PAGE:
As a volunteer coach, or a paid instructor, the last thing you want is to be caught in the middle between two feuding parents.
When parents are still together, this is usually kept in check, but when they cross over to separation and divorce, restraint is often lost.
Like schools and teachers, coaches and instructors, by the nature of their role with the children, are vulnerable to being caught in the middle.
If Sally/Johnny really likes playing hockey/piano, but that isn't supported by one parent, problems can ensue. As a coach or instructor, you're primarily concerned about the child; what's best for them and what he or she wants. Most parents have the same concern, but some aren't able to maintain a similar objectivity.
Example: Chris plays hockey, but only one parent wants Chris to play hockey and Chris only goes when with that parent. Chris' team gets sponsored by a local company and are given seasons tickets. Each kid gets to go to 2 games and Chris arranges to go to games when with the parent that supports hockey. Chris' team is also given tickets for one game and the entire team is going to go. Of course, Chris wants to go to, but on the evening that the tickets are for, Chris is with the parent who doesn't support hockey. The parent that supports Chris' participation in hockey tries to find out if Chris will be allowed to go to the game, but isn't getting a response. As a coach, concerned about what's best for Chris and what Chris wants, might be inclined to phone the other parent and speak on Chris' behalf, but that could lead to a lot of problems. As a coach, you're stuck.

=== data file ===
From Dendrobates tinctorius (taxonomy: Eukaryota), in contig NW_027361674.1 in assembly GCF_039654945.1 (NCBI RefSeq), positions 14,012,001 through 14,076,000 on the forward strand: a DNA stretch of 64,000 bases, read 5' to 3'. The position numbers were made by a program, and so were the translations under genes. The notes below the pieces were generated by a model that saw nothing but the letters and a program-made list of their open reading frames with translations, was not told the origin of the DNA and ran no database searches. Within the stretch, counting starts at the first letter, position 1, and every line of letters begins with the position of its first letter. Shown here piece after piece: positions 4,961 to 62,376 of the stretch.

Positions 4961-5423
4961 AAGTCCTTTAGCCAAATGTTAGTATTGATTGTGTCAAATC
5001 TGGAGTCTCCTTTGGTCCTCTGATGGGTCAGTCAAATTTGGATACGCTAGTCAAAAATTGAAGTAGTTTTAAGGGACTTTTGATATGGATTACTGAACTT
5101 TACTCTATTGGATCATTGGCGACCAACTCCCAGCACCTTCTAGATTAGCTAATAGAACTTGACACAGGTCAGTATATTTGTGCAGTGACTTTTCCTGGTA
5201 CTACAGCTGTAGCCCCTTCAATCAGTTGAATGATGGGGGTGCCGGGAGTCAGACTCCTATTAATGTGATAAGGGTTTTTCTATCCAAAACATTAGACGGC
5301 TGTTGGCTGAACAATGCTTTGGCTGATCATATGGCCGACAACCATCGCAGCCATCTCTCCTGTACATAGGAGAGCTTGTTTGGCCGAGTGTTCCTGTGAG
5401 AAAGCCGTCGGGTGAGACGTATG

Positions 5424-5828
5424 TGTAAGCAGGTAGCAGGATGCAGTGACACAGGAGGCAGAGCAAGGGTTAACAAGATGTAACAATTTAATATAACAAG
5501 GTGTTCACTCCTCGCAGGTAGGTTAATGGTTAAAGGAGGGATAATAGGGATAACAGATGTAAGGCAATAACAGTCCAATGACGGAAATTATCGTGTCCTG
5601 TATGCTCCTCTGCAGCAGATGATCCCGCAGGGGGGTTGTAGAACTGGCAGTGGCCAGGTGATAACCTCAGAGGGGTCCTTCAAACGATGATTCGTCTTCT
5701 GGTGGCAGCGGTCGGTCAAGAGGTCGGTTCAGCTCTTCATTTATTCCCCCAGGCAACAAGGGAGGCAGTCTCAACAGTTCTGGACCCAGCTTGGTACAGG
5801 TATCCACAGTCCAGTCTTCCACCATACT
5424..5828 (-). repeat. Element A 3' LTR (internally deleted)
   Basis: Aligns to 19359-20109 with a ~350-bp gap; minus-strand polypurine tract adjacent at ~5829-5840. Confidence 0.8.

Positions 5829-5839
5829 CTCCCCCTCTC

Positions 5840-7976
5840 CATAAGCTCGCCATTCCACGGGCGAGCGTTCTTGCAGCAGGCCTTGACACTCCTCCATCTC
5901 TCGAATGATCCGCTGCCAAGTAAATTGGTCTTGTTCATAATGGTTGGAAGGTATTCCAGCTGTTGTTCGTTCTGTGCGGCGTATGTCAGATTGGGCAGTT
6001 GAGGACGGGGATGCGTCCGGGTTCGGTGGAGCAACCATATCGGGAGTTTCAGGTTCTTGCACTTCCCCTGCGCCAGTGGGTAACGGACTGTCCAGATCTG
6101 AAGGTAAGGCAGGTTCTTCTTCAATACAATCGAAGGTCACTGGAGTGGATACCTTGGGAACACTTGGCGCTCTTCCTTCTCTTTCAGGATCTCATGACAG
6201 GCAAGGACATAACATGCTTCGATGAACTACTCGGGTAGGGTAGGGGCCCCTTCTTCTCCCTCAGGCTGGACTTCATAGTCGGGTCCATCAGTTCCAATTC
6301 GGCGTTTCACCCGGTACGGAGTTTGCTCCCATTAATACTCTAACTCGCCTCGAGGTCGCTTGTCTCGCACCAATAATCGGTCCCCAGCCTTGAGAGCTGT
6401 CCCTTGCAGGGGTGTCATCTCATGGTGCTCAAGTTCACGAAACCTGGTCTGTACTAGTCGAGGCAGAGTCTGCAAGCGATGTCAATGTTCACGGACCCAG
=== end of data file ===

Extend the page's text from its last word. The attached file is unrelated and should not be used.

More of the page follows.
A co-parenting coordinator can ensure that situations like this don't occur. Parents will have to negotiate their children's extra curricular activities and decide in advance how everything will work. If something unexpected comes up, then the co-parenting coordinator can ensure that the matter is dealt with and resolved. In the example above, you'll find out well in advance whether Chris will need a ticket or if you can give it to an extra coach or parent that wants to go with the team.
What can you do as a coach or instructor?
You'll usually discover very quickly whether there is dissention between parents about a child's participation in an activity. If there is, ensure that the parents know about co-parenting coordination.